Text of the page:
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Privacy Perspectives | How (and Why) Safe Harbor Needs To Be Reformed Related reading: A view from DC: The gossip test for sensitive data


There was once hope …

In the aftermath of World War II, many nations realized the importance of protecting universal human rights. Nazi Germany’s use of personal information to conduct the systematic eradication of an entire race united the world in a common cause. The use of national legislation and policies by the Axis Powers during the Second World War to suppress individual human and privacy rights was also a causal factor

On December 10, 1948, the UN General Assembly proclaimed the UN Universal Declaration of Human Rights, which advocated for the global and universal protection of human rights. The major European nations and the U.S. were among the 48 original signatories of the declaration. This momentous date should have marked the beginning of a long-term collaboration and partnership between Europe and the U.S. on global data and information privacy protection issues and topics.

However, it did not.

Despite current differences, we believe there is hope that the EU and the U.S. can identify opportunities to adopt a shared vision for global information privacy protections and rights.

Opportunities for convergence

The EU-U.S. Safe Harbor Agreement’s revision could serve as an opportunity for greater collaboration between both regions for the transfer of data and associated information-privacy issues. More importantly, it might allow European, U.S. and other international privacy advocacy organizations to serve as impartial “watchdogs” that ensure U.S. compliance with Safe Harbor.

Recently, the Center for Digital Democracy (CDD) and some members of the European Parliament called for the suspension of Safe Harbor in light of a U.S. Federal Trade Commission (FTC) investigation into whether some U.S. companies have not willfully complied with the agreement’s provisions.

The CDD is partnering with the Trans-Atlantic Consumer Dialog, a consortium of European consumer rights groups, in an effort to force the FTC to act more aggressively in enforcing Safe Harbor. And though we find it interesting to see a U.S. information privacy advocate (CDD) calling on the FTC to suspend Safe Harbor until it can be completely overhauled, we also find it encouraging and perhaps the beginning of a privacy advocacy community with a shared perspective on information privacy rights as a “human right.” This has been espoused by CDD Executive Director Jeff Chester, who said, “CDD favored the EU’s approach to privacy as a human right.” We encourage other U.S. privacy advocates to take similar public stances as it relates to U.S. companies’ compliance with Safe Harbor.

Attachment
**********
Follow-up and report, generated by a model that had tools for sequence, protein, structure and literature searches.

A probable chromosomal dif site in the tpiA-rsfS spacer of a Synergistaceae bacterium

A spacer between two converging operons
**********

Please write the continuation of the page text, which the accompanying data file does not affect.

While the European Parliament has supported calls for Safe Harbor’s suspension in lieu of its revision, the European Commission has strongly opposed that recommendation, believing the community can work through the issues without a major overhaul.

The FTC should leverage the growing support for the revision to convince the European Commission to overhaul Safe Harbor to make it more effective and enforceable. This collaboration might also serve as a starting point for reaching a common perspective between the EU and the U.S. transborder data flows and information privacy protections.

Some critics of Safe Harbor have cited the following shortcomings as factors for why it has failed to achieve its desired objectives:

  1. A perceived lack of transparency regarding the privacy policies of some Safe Harbor participants;
  2. A lack of active enforcement of the Safe Harbor Framework by the U.S. government, and
  3. A failure of some Safe Harbor self-certified companies to actually comply with the principles

We believe the FTC’s current investigation of 30 U.S. firms for alleged violations of Safe Harbor’s provisions simply reinforces these stinging criticisms.

Is there still hope for Safe Harbor?

There is still hope for Safe Harbor; however, it will require a great deal of commitment by companies to comply, the FTC to enforce and compromises by both the U.S. and EU to reach consensus on a common understanding of its meaning and intent.

U.S. desire to reach an agreement with the EU on the Transatlantic Trade and Investment Partnership (TTIP) will serve as a major impetus for both entities to quickly resolve their differences regarding Safe Harbor. The TTIP’s success will depend heavily on the EU’s ability to transfer consumer data to the U.S.